Skip to content
New issue

Have a question about this project? Sign up for a free GitHub account to open an issue and contact its maintainers and the community.

By clicking “Sign up for GitHub”, you agree to our terms of service and privacy statement. We’ll occasionally send you account related emails.

Already on GitHub? Sign in to your account

DangerousAcceptAnyServerCertificateValidator delegated not working on Ubuntu 18.04 #39435

Open
olandese opened this issue Jul 12, 2019 · 9 comments

Comments

@olandese
Copy link

commented Jul 12, 2019

Issue Title

DangerousAcceptAnyServerCertificateValidator is ignored on Ubuntu 18.04 with .Net Core 2.2.301

General

I'm using the HttpClient and the DangerousAcceptAnyServerCertificateValidator delegate in the HttpClientHandler but calling rest api with self-signed cerificate generated from a self-signed root certificate, I get the following error:

Error Message:
System.Threading.Tasks.TaskCanceledException : The operation was canceled.
Stack Trace:
at System.Net.Http.ConnectHelper.EstablishSslConnectionAsyncCore(Stream stream, SslClientAuthenticationOptions sslOptions, CancellationToken cancellationToken)

For more information see my blog post https://blog.olandese.nl/2019/07/12/solve-system-threading-tasks-taskcanceledexception-the-operation-was-canceled-on-ubuntu-18-04-in-net-core-2-2/

@bartonjs bartonjs transferred this issue from dotnet/core Jul 12, 2019

@davidsh

This comment has been minimized.

Copy link
Member

commented Jul 12, 2019

@olandese Can you please attach the test certificate to this issue so that we can attempt to repro the problem?

There is an interesting issue on Linux where self-signed certificates will NOT work at all because Linux requires the certificate to have additional X509v3 fields set that Windows doesn't require. This is a limitation of Linux and OpenSsl and not related to .NET Core. So, it's quite possible that exporting a self-signed certificate that works on Windows will not work on Linux.

The extra field required on the self-signed certificate is about having the "Cert signing" attribute set on the KeyUsage field.

The specific exception you're getting "The operation was canceled" is probably masking the real problem with the certificate.

Can you try to re-generate a self-signed certificate on Linux directly so that it meets the requirements for Linux?

@davidsh davidsh added this to the Future milestone Jul 12, 2019

@davidsh

This comment has been minimized.

Copy link
Member

commented Jul 12, 2019

Please see #37282 (comment) and #37282 (comment) for more info.

@olandese

This comment has been minimized.

Copy link
Author

commented Jul 12, 2019

sure, in which format you want them? the root and the actual certificate

image

Right is the certificate of the rest api, left is the root certificate, installing the root certificate /usr/local/share/ca-certificates/ solved the problem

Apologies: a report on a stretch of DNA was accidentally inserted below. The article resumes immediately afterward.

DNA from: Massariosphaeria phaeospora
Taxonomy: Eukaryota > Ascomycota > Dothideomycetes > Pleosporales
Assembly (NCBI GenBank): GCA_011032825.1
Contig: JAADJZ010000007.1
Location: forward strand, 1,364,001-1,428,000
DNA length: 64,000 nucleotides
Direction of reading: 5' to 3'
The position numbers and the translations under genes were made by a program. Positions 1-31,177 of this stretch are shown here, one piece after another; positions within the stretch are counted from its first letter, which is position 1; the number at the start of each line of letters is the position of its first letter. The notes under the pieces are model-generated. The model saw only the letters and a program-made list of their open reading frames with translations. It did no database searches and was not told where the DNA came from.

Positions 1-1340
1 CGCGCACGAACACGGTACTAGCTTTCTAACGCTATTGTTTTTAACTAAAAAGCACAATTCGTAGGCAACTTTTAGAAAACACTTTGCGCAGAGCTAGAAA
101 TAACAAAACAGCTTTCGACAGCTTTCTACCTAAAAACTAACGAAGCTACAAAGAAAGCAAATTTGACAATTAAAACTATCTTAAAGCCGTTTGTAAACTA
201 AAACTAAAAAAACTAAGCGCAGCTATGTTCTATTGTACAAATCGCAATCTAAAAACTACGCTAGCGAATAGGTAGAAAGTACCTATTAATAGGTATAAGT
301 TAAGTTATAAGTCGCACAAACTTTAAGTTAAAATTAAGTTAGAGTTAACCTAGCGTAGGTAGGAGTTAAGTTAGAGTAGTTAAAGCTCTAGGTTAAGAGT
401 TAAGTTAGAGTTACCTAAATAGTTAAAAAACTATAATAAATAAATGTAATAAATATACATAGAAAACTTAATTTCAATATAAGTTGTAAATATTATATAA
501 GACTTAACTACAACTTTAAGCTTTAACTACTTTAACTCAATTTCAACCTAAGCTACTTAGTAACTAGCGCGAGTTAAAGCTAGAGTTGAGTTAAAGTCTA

@davidsh

This comment has been minimized.

Copy link
Member

commented Jul 12, 2019

sure, in which format you want them? the root and the actual certificate

Based on the issue description, it was assumed there was a single self-signed certificate in use:

but calling rest api with self-signed cerificate I get the following error

But there is actually two certificates in use? A root and a certificate derived from that? So, is the "root" certificate untrusted in some way?

Can you provide a complete repro for this? For example, a runnable project that we can do a "dotnet run" on to reproduce this problem? Also, are you using Ubuntu as a VM or docker image?

@davidsh

This comment has been minimized.

Copy link
Member

commented Jul 12, 2019

And looking at your images of the certificates you provided, I'm wondering whether the use of SHA1 could be a problem on Linux. SHA256 is recommended as the minimum for certificates.

@olandese

This comment has been minimized.

Copy link
Author

commented Jul 12, 2019

Thank you for your feedback! I will ask to upgrade the encryption algorithm. But anyway, the delegate should suppress all of this "dangerous" things, I would assume.
The rest api is talking with a certificate derived from a self-signed root certificate.
As soon I put the root certiicate in the /usr/local/share/ca-certificates/ everything works fine.
I can provide you the sources, but it's nothing more than I already wrote in the blog post.
And the error is happening both in Docker as in an Azure Ubuntu 18.04 VM as well

@davidsh

This comment has been minimized.

Copy link
Member

commented Jul 12, 2019

In terms of your scenario, are you running both a client and a server? What "server" is sending back that certificate?

The problem you're seeing could be a variety of issues. The only real way to diagnose this is a repro we can run that reproduces the problem. And the description from the blog article isn't specific enough for us to construct a run-able repro.

Other customers in the past have been able to use Docker, for example, to provide a fully run-able repro program that can build and run and demonstrate problems that they report here.

@olandese

This comment has been minimized.

Copy link
Author

commented Jul 12, 2019

the derived certificate is running on an Azure API Management.
I will create and provide you a repo, or docker image to reproduce this behaviour

@bartonjs

This comment has been minimized.

Copy link
Member

commented Jul 15, 2019

And looking at your images of the certificates you provided, I'm wondering whether the use of SHA1 could be a problem on Linux.

The SHA1 in the images is "thumbprint algorithm". It's not a real attribute of the certificate, just explaining that the thumbprint is computed using SHA-1, which is true for all certificates. (It's just a CertUI oddity)

Sign up for free to join this conversation on GitHub. Already have an account? Sign in to comment
Projects
None yet
3 participants
You can’t perform that action at this time.